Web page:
The response from the community has been overwhelming. There were 203 PRs merged in February, and 96 were from 23 first-time contributors. Existing contributors such as Mark Boas, Chris Mills, and wbamberg kept up their January pace. The PRs were reviewed for the correctness of the conversion as well as ensuring the data was up to date, and Florian, Jean-Yves Perrier, and Joe Medley have done the most reviews. In February, the project jumped from 43% to 57% of the data converted, and the data is better than ever.

There are two new tools using the data. SphinxKnight is working on compat-tester, which scans an HTML, CSS, or Javascript file for compatibility issues with a user-defined set of browsers. K3N is working on mdncomp, which displays compatibility data on the command line:


If you have a project using the data, let us know about it!

Improved and Extended Interactive Examples

We continue to improve and expand the interactive examples, such as a clip-path demo from Rachel Andrew:


We’re expanding the framework to allow for HTML examples, which often need a mix of HTML and CSS to be interesting. Like previous efforts, we’re using user testing to develop this feature. We show the work-in-progress, like the <table> demo, to an individual developer, watch how the demo is used and ask for feedback, and then iterate on the design and implementation.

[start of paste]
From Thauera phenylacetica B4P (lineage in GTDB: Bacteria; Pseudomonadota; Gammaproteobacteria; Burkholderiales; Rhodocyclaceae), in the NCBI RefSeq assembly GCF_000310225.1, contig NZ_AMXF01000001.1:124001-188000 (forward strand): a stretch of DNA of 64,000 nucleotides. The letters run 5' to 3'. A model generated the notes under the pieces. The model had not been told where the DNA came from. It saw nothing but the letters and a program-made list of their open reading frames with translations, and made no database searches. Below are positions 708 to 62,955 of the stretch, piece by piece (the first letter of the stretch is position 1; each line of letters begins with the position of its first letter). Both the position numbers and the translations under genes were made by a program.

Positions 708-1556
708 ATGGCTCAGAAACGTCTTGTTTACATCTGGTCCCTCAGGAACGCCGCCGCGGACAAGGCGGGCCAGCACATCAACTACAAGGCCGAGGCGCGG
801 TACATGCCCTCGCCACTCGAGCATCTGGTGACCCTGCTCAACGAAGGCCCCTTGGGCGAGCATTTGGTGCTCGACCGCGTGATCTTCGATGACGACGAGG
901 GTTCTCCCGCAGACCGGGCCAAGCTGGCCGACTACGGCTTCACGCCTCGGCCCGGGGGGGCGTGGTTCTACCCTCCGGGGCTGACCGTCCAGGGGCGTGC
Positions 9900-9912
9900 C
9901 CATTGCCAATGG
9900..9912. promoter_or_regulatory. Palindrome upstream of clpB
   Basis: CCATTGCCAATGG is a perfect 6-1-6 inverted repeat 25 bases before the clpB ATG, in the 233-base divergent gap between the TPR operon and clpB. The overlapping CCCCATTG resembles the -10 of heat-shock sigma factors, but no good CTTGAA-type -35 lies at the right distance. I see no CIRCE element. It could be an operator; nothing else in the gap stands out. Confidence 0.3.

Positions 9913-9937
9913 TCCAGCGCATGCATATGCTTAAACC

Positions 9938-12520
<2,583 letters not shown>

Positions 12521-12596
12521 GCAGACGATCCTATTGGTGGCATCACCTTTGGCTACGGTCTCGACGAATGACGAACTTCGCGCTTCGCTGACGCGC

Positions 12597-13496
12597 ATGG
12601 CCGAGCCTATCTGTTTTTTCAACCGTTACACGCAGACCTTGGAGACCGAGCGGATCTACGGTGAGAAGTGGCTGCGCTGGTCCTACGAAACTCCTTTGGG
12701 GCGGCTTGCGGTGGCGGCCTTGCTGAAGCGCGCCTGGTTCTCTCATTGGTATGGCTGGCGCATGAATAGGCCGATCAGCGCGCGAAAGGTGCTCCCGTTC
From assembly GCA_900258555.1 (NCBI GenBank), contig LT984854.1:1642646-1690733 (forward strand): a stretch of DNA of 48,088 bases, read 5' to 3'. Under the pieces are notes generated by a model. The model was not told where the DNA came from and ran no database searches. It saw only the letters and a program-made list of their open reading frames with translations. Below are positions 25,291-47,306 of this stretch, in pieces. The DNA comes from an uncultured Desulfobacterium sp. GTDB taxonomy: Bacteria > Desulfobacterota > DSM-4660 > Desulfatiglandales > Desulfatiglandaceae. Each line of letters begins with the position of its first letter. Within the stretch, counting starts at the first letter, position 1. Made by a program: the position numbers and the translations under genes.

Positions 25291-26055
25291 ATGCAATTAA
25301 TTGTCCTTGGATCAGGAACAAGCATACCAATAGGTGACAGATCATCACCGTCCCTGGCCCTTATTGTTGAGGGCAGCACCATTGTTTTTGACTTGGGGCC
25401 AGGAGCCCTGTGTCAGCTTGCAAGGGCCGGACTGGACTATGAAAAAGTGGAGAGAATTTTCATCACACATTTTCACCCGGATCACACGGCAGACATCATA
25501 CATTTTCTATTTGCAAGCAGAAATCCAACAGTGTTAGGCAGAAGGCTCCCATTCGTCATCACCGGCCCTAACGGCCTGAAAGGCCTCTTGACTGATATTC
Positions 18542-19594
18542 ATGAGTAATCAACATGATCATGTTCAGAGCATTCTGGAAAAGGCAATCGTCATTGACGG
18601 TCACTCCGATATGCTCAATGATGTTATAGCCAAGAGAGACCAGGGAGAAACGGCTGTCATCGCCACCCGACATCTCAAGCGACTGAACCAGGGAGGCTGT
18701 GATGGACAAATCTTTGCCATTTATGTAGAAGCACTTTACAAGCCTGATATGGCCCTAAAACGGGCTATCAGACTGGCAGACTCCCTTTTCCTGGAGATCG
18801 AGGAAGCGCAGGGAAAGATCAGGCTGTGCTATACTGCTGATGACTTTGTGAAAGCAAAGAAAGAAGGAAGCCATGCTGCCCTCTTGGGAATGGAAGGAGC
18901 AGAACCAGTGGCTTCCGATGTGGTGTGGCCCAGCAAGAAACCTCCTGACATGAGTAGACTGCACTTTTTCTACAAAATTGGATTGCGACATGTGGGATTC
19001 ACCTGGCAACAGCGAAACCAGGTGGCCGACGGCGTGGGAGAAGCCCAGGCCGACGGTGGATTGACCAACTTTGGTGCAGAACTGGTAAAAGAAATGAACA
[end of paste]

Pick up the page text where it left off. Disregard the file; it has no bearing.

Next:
The demos have gone well, and the team will firm up the implementation and write more examples to prepare for production. The team will also work on expanding test coverage and formalizing the build tools in a new package.

Prepared for a CDN and Django 1.11

We made many changes last month to improve the performance and reliability of MDN. They worked, and we’ve entered a new period of calm. We’ve had a month without 3 AM downtime or performance alerts, for the first time since the move to AWS. The site is responding more smoothly, and easily handling MDN’s traffic.


This has freed us to focus on longer term fixes and on the goals for the quarter. One of those is to serve MDN from behind a CDN, which will further reduce server load and may have a huge impact on response time. Ryan Johnson is getting the code ready. He switched to Django’s middleware for handling ETag creation (PR 4647), which allowed him to remove some buggy caching code (PR 4648). Ryan is now working through the many endpoints, adding caching headers and cleaning up tests (PR 4676, PR 4677, and others). Once this work is done, we’ll add the CDN that will cache content based on the directives in the headers.

My focus has been on the Django 1.11 upgrade, since Django 1.8 is scheduled to lose support in April. This requires updating third-party libraries like django-tidings (PR 4660) and djangorestframework (PR 4664 from Safwan Rahman). We’re moving away from other requirements, such as dropping dbgettext (PR 4669). We’ve taken care of the most obvious upgrades, but there are 142,000 lines of Python in our libraries, so we expect more surprises as we get closer to the switch.

Once the libraries are compatible with Django 1.11, the remaining issues will be with the Kuma codebase. Some changes are small and easy, such as a one-liner in PR 4684. Some will be quite large. Our code that serves up locale-specific content, such as reverse and LocaleURLMiddleware, are incompatible, and we’ll have to swap some of our oldest code for Django’s version.